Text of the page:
Most people have heard of orthodontics, the specialised form of dentistry that allows the correction of maloccluded teeth. But how did it all get started? It might be surprising to learn that orthodontics has origins that go as far back as ancient Greece and Rome. Aristotle and Hippocrates were purporting their thoughts on how misaligned teeth might be fixed as early as 300 and 500 BC.
Archaeologists have discovered evidence that the Etruscans employed hardware to look after their teeth – they were buried with them still fitted to their teeth. A tomb found in Rome contained dental hardware plus instructions for its use.
The beginnings of modern dentistry
Pierre Fauchard was a French dentist who is thought of as the pioneer of dentistry as it is today. In 1728, he wrote a book about different ways in which misaligned teeth could be corrected. Fauchard is widely known to have employed a device known as a ‘bandeau’ to alter the shape of the upper palate.
In 1754, Louis Bourdet wrote a book in which he discussed possible ways of making the bandeau more effective. He was the King of France’s dentist, and was thought to be innovative and forward thinking. Many people consider Bourdet to be the first dentist to remove teeth on either side of the front of the mouth for the purpose of improving the appearance of tooth crowding.
The emergence of orthodontics
The 1800s saw the emergence of orthodontics as a specialised area of dentistry that was separate from other dental treatments. Joseph Fox was very influential with his ideas on removing teeth and using bite blocks to calculate the time of treatments – so that a tailored approach for the individual began to develop.
The first braces are thought to have been worn in 1819. Not unlike the traditional braces that are still worn today, they were composed of metal and used loops, hooks and so on to create a straightening effect for the teeth over time. Gum elastics were first used in 1843, and rubber bands were introduced for use in braces in 1850.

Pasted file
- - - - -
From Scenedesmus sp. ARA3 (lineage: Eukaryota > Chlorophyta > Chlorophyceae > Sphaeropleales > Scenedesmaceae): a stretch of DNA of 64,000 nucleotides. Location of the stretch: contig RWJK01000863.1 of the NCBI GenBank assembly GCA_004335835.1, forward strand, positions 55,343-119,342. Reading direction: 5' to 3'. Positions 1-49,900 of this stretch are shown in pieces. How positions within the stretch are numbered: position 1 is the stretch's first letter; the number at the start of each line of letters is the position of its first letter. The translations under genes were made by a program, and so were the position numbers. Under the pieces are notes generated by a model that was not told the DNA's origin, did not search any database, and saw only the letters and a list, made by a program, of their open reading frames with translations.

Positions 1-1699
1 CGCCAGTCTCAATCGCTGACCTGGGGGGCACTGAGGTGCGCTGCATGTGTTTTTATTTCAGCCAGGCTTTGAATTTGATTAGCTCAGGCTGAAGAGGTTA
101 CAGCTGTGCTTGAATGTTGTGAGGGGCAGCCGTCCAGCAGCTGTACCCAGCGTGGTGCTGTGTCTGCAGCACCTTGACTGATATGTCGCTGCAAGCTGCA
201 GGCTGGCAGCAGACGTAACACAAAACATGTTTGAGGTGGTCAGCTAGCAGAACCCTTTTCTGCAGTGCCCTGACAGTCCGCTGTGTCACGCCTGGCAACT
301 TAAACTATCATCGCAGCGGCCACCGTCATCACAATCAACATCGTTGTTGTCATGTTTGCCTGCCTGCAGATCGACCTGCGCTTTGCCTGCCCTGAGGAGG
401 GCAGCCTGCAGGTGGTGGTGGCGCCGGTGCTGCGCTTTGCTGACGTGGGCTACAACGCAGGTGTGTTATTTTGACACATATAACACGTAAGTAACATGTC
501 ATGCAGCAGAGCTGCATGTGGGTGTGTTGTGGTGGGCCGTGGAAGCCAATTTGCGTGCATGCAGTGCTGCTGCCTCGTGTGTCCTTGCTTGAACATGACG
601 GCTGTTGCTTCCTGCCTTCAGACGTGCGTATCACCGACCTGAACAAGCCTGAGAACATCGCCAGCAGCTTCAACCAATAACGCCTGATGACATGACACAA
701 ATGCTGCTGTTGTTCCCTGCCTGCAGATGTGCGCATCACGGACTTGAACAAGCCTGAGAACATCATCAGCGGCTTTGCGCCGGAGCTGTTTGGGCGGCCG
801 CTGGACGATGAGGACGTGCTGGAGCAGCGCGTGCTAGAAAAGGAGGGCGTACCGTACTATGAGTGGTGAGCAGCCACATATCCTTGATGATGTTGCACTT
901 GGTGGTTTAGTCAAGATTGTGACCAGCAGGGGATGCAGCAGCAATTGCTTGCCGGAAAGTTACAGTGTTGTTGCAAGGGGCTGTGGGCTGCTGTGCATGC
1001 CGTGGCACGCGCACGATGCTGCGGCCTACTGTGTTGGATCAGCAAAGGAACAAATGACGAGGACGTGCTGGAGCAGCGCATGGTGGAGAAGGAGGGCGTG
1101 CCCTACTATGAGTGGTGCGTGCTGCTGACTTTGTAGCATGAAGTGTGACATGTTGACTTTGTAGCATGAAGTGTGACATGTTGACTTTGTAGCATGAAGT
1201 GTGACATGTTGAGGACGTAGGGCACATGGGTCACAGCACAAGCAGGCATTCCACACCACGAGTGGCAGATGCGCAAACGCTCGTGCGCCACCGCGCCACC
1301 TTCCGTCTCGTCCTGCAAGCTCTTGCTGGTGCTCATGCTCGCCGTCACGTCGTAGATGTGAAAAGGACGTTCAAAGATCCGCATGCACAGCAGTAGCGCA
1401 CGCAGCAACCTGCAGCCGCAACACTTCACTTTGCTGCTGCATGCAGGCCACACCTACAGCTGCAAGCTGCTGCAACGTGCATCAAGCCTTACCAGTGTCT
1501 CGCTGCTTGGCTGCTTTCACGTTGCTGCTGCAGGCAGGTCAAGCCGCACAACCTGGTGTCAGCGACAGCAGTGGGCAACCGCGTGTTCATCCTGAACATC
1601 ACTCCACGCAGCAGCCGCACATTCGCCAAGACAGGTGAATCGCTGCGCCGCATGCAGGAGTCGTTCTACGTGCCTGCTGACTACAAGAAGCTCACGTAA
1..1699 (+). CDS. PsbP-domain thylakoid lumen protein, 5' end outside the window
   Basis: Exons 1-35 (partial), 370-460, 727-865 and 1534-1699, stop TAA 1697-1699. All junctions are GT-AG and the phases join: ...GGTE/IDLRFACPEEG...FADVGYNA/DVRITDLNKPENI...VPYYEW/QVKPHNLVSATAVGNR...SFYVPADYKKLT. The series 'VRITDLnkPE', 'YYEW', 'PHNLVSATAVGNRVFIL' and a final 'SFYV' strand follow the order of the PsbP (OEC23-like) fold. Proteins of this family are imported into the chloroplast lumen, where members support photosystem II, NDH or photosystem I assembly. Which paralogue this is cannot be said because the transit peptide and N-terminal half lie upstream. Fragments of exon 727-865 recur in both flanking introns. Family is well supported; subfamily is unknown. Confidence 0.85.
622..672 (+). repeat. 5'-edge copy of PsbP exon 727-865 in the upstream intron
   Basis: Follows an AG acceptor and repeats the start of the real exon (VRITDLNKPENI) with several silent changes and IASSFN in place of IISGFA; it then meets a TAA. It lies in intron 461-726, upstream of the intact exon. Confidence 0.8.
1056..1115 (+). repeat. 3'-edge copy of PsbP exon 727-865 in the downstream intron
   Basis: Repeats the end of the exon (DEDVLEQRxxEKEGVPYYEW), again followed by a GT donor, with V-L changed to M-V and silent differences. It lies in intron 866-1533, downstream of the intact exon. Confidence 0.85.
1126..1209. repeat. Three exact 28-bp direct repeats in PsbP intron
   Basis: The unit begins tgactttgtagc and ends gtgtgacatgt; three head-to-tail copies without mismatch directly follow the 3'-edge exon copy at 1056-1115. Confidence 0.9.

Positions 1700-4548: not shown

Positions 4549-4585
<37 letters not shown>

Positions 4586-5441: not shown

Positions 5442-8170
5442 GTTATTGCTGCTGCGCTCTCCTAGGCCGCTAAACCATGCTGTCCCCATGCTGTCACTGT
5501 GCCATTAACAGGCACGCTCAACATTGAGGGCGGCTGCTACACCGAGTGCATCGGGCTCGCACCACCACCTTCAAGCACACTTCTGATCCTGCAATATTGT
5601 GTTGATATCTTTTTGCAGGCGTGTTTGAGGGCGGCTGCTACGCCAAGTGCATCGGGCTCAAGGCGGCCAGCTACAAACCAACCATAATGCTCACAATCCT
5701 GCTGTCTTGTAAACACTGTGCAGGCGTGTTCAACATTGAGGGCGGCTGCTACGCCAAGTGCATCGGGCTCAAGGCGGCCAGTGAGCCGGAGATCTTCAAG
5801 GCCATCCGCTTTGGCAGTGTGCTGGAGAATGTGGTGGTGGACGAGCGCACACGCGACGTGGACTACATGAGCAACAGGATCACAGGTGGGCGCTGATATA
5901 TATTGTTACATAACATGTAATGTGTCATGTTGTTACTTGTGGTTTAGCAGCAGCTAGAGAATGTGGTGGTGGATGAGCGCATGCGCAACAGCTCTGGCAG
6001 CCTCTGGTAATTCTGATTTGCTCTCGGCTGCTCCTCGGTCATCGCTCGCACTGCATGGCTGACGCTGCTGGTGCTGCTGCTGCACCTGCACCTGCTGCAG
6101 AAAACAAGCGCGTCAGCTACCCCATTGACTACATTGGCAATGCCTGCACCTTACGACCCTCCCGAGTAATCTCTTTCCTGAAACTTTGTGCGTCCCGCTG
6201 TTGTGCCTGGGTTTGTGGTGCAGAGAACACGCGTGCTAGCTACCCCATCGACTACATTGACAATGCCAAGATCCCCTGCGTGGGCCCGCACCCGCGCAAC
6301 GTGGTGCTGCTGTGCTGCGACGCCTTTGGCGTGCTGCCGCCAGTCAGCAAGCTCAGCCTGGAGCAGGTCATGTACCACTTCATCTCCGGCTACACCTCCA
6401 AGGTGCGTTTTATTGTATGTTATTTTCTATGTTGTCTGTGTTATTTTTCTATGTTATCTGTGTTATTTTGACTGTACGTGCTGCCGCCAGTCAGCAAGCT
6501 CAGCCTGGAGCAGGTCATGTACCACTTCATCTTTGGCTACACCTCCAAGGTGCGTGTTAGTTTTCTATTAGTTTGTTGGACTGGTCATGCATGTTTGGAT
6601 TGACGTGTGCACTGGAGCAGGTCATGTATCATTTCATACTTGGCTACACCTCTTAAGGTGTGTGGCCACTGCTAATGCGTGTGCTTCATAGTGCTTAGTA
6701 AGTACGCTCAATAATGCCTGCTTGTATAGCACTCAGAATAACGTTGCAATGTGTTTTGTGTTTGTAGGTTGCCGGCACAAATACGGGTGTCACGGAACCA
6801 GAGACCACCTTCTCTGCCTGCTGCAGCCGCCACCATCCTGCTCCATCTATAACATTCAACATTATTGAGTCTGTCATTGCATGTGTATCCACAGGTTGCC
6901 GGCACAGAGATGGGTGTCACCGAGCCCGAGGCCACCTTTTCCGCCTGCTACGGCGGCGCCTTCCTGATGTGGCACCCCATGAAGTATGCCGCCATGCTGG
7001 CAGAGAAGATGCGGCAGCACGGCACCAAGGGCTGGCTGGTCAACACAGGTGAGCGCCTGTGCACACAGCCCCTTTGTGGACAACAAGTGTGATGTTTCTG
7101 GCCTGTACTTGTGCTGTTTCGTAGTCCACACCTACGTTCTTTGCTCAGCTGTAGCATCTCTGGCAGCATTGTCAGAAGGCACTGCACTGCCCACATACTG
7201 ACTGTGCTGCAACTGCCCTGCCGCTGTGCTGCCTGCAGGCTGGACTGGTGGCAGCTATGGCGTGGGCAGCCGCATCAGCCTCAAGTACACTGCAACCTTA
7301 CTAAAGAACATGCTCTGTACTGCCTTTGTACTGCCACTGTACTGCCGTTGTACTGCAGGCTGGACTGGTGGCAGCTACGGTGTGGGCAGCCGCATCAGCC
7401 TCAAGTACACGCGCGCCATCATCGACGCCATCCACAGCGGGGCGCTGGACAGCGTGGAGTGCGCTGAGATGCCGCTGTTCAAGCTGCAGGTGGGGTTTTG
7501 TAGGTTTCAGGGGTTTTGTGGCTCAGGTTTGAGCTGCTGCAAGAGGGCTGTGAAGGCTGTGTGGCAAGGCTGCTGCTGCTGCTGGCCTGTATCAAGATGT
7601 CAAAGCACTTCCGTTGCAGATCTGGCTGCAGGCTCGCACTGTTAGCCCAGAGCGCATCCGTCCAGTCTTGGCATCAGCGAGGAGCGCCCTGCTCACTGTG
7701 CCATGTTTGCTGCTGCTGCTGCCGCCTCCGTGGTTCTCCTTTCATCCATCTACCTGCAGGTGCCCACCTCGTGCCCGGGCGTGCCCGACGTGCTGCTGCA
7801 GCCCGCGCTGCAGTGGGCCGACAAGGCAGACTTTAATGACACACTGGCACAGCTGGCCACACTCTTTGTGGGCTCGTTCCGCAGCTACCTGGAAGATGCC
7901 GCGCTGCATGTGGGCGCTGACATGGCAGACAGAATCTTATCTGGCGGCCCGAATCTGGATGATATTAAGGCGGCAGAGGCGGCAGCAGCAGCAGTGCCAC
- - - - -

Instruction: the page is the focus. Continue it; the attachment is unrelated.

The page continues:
20th century orthodontics
Edward Angle was the founding member of the American Society of Orthodontia in 1901; and he was responsible for developing the first system for categorising different ways in which the teeth can be misaligned. In the beginning of the 20th century, braces were constructed from gold or silver, making them very expensive. In the 1950s, orthodontists began to use stainless steel, which made braces much more accessible.
In the 1990s, orthodontists started to use titanium braces. This was a big improvement, as these new braces were lighter, less obvious and more comfortable. The development of technology allowed treatment times to become much shorter – going from as many as six to just two years.
In 1997, Invisalign arrived in the orthodontic industry, Composed of clear aligners that are very discreet and can be removed for mealtimes and teeth cleaning – these new braces offered discretion and comfort that was ideal for people wanting to get their teeth fixed as adults.